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Terrorism & Security

US defends unmanned drone attacks after harsh UN report

UN special rapporteur Philip Alston on Wednesday called for a halt to US unmanned drone attacks, which he called a path to a 'Playstation' mentality towards killing.

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In his report (pdf) released Wednesday, UN special rapporteur on extrajudicial killings Philip Alston criticized the secrecy of the CIA's drone attacks, writing they had resulted in "the displacement of clear legal standards with a vaguely defined license to kill, and the creation of a major accountability vacuum." Remote attacks also led to a "risk of developing a 'Playstation' mentality to killing," he wrote.

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Alston urged US officials to "publicly identify the rules of international law they consider to provide a basis for any targeted killings they undertake" and to "specify the bases for decisions to kill rather than capture."

In an Australian Broadcasting Corporation radio interview, Alston said the US was creating troubling precedents that might encourage other countries such as China to behave in the same fashion.

The Pakistani daily Dawn emphasized Alston's claim that drone attacks may violate international law:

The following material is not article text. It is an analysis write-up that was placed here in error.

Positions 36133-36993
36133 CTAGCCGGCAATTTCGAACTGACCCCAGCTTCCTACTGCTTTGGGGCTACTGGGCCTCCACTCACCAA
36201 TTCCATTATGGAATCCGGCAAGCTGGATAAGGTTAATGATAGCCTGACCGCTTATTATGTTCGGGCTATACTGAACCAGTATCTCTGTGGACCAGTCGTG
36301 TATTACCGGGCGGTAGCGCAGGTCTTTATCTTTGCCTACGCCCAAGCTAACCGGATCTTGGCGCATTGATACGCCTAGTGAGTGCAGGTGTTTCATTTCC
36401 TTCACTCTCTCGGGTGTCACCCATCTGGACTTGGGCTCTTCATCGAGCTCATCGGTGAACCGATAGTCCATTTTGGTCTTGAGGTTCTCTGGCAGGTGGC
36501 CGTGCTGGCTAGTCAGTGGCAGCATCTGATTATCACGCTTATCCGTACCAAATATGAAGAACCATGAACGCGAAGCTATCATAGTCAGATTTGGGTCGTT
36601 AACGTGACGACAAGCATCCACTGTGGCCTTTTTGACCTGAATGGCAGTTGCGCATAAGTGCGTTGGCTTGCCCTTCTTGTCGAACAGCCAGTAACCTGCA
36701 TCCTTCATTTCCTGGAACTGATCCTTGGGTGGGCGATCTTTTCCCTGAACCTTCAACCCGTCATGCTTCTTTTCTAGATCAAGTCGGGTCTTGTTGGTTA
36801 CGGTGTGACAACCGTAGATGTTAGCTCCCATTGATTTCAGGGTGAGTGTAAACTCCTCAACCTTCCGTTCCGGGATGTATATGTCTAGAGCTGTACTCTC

Although not illegal as such, CIA drone strikes are more likely to breach the rules of war than similar operations carried out by armed forces, who are more familiar with international law and can resort to non-lethal means because they have troops on the ground, Alston said.

''Unlike a state's armed forces, its intelligence agents do not generally operate within a framework which places appropriate emphasis upon ensuring compliance with international humanitarian law, rendering violations more likely and causing a higher risk of prosecution both for war crimes and for violations of the laws of the state in which any killing occurs,'' he wrote.

But on Thursday, the Associated Press reported that US officials took issue with Alston's conclusions:

"Without discussing or confirming any specific action or program, this agency's operations unfold within a framework of law and close government oversight," said CIA spokesman George Little. "The accountability's real, and it would be wrong for anyone to suggest otherwise."

Administration officials have pointed to a carefully worded speech in March by State Department legal adviser Harold Koh, who said that "U.S. targeting practices, including lethal operations conducted with the use of unmanned aerial vehicles, comply with all applicable law, including the laws of war." The Obama administration, he said, is committed to following the law in its operations against terrorists.


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